Landowners and community members in areas proposed to be covered by a transmission line are being invited to nominate for a series of consultative groups.
Transgrid is establishing the committees along the route of its planned 630km long Maragle to Bannaby transmission line, dubbed HumeLink.
The $2.1 billion 500-kilovolt line proposal is designed to bring new energy sources like renewables online, "unlock the Snowy Hydro Scheme's full potential" and increase the amount of energy that can be delivered across NSW and the ACT.
The company has come under fire for its level and method of consultation from landholders. An independent report by former NSW Fair Trading Commissioner and landowner advocate, Rod Stowe, also found consultation had not been transparent and recommended wholesale improvement.
Now, Transgrid is establishing three community consultative groups of 12 members each across the local government areas of Yass and Upper Lachlan; Wagga and Cootamundra/Gundagai; and Snowy Valleys.
Executive manager of delivery, Craig Stallan, said the groups were being established to provide a structured, ongoing forum for people to provide input about HumeLink in "a transparent process."
"The Community Consultative Groups will be a genuine opportunity for landowners and others living and working in the HumeLink project corridor to provide information as we plan this critical infrastructure," he said.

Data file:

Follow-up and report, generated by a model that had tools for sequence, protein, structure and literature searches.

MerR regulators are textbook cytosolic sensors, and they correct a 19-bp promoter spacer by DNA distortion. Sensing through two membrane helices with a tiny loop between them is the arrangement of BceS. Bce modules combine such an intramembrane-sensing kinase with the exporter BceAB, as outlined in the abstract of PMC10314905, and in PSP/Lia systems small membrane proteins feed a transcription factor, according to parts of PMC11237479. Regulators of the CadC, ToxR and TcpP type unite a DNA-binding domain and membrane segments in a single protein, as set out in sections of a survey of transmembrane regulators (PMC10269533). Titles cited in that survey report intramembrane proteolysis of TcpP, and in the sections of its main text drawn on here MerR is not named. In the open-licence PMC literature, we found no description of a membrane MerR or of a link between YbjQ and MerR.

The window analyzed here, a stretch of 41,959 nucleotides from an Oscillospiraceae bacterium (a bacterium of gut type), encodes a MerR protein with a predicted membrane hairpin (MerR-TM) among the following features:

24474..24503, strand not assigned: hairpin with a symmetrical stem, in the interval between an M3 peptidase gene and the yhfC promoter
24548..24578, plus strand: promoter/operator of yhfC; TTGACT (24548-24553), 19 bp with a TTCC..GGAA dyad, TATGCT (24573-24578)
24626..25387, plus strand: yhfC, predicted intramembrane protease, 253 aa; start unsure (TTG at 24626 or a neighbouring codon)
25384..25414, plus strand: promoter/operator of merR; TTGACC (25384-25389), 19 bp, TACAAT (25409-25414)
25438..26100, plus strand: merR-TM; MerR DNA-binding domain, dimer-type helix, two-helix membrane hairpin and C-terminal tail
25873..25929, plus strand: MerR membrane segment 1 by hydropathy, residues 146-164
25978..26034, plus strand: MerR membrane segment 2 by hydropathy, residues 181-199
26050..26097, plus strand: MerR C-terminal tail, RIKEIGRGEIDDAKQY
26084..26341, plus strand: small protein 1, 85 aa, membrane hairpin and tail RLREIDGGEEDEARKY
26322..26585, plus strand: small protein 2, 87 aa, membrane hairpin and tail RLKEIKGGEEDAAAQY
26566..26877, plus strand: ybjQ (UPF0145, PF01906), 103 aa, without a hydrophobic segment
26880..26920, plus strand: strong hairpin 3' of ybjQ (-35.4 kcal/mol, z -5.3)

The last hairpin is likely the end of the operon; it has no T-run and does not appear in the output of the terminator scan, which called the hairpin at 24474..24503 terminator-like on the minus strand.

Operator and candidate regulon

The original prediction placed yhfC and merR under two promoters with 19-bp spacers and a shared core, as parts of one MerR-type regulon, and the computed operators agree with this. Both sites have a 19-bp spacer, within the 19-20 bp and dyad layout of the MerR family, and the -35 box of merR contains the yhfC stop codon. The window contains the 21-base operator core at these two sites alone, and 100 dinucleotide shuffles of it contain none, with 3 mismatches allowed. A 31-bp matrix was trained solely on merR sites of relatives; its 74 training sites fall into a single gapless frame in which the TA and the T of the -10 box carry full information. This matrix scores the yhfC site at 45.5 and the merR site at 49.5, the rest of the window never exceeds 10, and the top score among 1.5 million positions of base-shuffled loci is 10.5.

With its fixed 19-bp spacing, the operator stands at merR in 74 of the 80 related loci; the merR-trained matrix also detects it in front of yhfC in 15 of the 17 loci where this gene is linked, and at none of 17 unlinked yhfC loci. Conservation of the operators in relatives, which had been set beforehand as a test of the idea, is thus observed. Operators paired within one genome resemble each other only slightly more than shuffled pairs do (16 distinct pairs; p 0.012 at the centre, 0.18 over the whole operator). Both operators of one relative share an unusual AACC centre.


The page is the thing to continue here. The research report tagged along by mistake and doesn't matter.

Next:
"The groups represent a re-set of TransGrid's approach to landowner and community engagement and we are committed to listening and working respectfully, effectively and transparently with communities."
The groups' creation is part of the company's response to Mr Stowe's 20 recommendations.
Successful nominees will be determined by an independent chairperson and announced next month. The groups are expected to commence work shortly afterwards.
Meantime, TransGrid has published its Project Assessment Conclusions Report (PACR) as the final part of the Australian Energy Regulator's Regulatory Investment Test - Transmission consultation process.
The PACR outlines how TransGrid will deliver the new 500kv transmission line, if approved. It would carry electricity to customers from new generation sources, including the expanded Snowy Hydro scheme.
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Mr Stallan said the report demonstrated how the HumeLink project would benefit energy customers and deliver $491 million in net benefits over the assessment period.
"HumeLink will increase the amount of electricity that can be delivered to customers in NSW, the ACT and across the National Electricity Market," he said.
The project, like all other major transmission projects, is subject to a market benefits test administered by the Australian Energy Regulator (AER). TransGrid must show the AER that HumeLink will benefit consumers, to be given final regulatory approval.
Information about the CCGs can be downloaded at: www.transgrid.com.au/humelink
Alternatively, people can contact the CCG secretariat from WSP at email@example.com or phone 0412 68 6026.
Applications close on September 24.
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